When my kids were young, I insisted they read one classic (what we call a "core collection" book in the library biz) for every two or three series paperbacks they read. As tyrannical as this may sound, my kids actually did not require much governance on this one - any child who is worth his or her salt as a reader comes to recognize rather quickly what constitutes an absorbing story. They so often chose truly interesting and well written books that I ceased to have to monitor the situation. We saw the series paperback as a sort of "rest period" between more challenging books. The idea is not to eliminate series books which kids obviously enjoy. The object is to challenge your children's reading ability by carefully evaluating the three Ss: the serialized, the standardized and the superficial.
Series paperbacks are books built on a basic formula: a character or group of characters performing a type of adventure or action, such as solving mysteries, playing sports, etc. The stories can be predictable and somewhat repetitive and demand little of the reader. They're not meant to be great works of fiction; they can be entertaining but not particularly thought provoking: a light read. Stories are often pleasant, and can teach positive values, or they may be silliness for the sake of it. If your children are unwilling readers, these may ease them into reading. Thinking back, I wonder if my enjoyment of comic books was inversely proportional to the disapproval of them by grownups.
Beware of the occasional series, adult and juvenile, where the big mission seems to be to crank out little money-makers as quickly as possible. I suspect that certain authors have a database set up which works something like the old Mad Lib books - the author fills in new character names, place names, verb here, adjective there, etc. and the database produces a "new" story. Admittedly, reading them is better than not reading at all. But sometimes not by much. Children's reading skills need a workout just as their bodies do.
When a book series becomes too standarized, it fails to activate a child's imagination. Have you ever listened to a band and thought that their songs all sounded kind of similar? Or watched a sitcom and felt like you had seen it before (or something very like it)? As the old joke goes: "I listened to a country song backwards, and my wife returned, I got the house back and my dog came back to life." Sometimes genres fall into a malaise, writing the same plot over and over with minor variations. It's as if they all attended a writing school in which they were given a set of plot parameters and told never to vary. If your child can guess the ending by the end of chapter one, they may not be sufficiently challenged.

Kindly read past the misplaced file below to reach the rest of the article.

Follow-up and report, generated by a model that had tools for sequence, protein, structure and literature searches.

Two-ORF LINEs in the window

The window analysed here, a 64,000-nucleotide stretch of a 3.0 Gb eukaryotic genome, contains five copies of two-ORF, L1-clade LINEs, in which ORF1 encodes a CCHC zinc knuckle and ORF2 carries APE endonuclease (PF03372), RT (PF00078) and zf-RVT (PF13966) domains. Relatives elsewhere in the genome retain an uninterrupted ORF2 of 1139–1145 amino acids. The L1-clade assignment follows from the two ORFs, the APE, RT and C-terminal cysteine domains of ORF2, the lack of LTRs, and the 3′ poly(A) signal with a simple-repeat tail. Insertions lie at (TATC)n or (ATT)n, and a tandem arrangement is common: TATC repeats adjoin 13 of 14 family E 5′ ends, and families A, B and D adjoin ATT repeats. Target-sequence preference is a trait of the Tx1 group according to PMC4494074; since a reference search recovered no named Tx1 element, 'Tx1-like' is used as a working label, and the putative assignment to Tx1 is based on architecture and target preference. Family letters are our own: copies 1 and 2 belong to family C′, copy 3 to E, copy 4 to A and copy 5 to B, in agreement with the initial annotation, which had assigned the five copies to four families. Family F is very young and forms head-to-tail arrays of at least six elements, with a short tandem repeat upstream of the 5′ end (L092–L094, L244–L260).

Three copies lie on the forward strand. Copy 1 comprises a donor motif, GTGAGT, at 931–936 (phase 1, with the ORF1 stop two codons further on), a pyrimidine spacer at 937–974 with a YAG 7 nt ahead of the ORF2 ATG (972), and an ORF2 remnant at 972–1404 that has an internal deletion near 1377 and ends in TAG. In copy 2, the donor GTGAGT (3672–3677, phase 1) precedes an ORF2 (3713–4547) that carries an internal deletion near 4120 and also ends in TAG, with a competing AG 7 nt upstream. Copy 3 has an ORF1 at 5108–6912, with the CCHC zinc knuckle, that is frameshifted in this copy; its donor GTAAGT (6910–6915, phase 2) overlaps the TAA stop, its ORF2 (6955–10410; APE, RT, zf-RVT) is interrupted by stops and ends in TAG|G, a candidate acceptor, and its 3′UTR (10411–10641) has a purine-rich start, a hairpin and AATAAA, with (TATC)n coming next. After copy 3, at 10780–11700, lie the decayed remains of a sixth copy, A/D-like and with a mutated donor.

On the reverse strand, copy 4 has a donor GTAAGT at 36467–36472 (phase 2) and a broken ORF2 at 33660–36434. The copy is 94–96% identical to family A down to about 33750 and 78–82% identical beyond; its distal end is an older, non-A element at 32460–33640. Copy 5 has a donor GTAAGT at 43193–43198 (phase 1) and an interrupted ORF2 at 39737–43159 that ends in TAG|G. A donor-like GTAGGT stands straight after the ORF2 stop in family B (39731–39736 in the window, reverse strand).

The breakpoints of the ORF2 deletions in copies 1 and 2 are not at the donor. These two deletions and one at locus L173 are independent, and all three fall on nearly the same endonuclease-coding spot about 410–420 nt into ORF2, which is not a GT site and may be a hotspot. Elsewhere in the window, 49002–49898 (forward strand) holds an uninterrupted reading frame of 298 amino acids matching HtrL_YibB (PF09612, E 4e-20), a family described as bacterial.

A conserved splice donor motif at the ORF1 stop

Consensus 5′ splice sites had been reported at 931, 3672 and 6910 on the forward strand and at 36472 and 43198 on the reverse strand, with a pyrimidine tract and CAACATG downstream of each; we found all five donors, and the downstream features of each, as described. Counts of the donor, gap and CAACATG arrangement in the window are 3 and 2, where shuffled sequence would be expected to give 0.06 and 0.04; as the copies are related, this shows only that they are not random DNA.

There is apparently a fine line between elegantly simple and superficial, and some publishers are missing it. The library has a superabundance of books that propose to teach: ABC books, Count-to-Ten books, Name-the-Color books, etc. Some are sweet or clever or ingenious while some are lame and spiritless. Little does the average person suspect that they, too, could be a published author even if they have never picked up a pen. A (insert picture of Aardvark), B (insert picture of Bee), and so forth. As long as you can spell Umbrella, how hard can it be? Even if you are reading to a toddler, you don't have to bore them witless: after the first reading the child pretty much gets that C stands for Cat. There are too many authors who lean on a filler formula established in the misty past: teach children shapes, colors, ABCs and how to count to ten. Who cares if they're having fun? Almost as bad are the books which replace plot with repeating major characters who have lately arrived from certain daytime cartoon shows. Let's just say that brand recognition does not a true literary experience make.
Whether you are reading to your children or they are reading to themselves, a book should be well constructed enough that some element of it sparks the imagination, initiates a thought process, provides a surprise or an insight, or gets a laugh. Books are a window into all the great ideas that have been passed down through time - noble thoughts, beautiful places, character building experiences. Encourage your kids to choose the window with the view.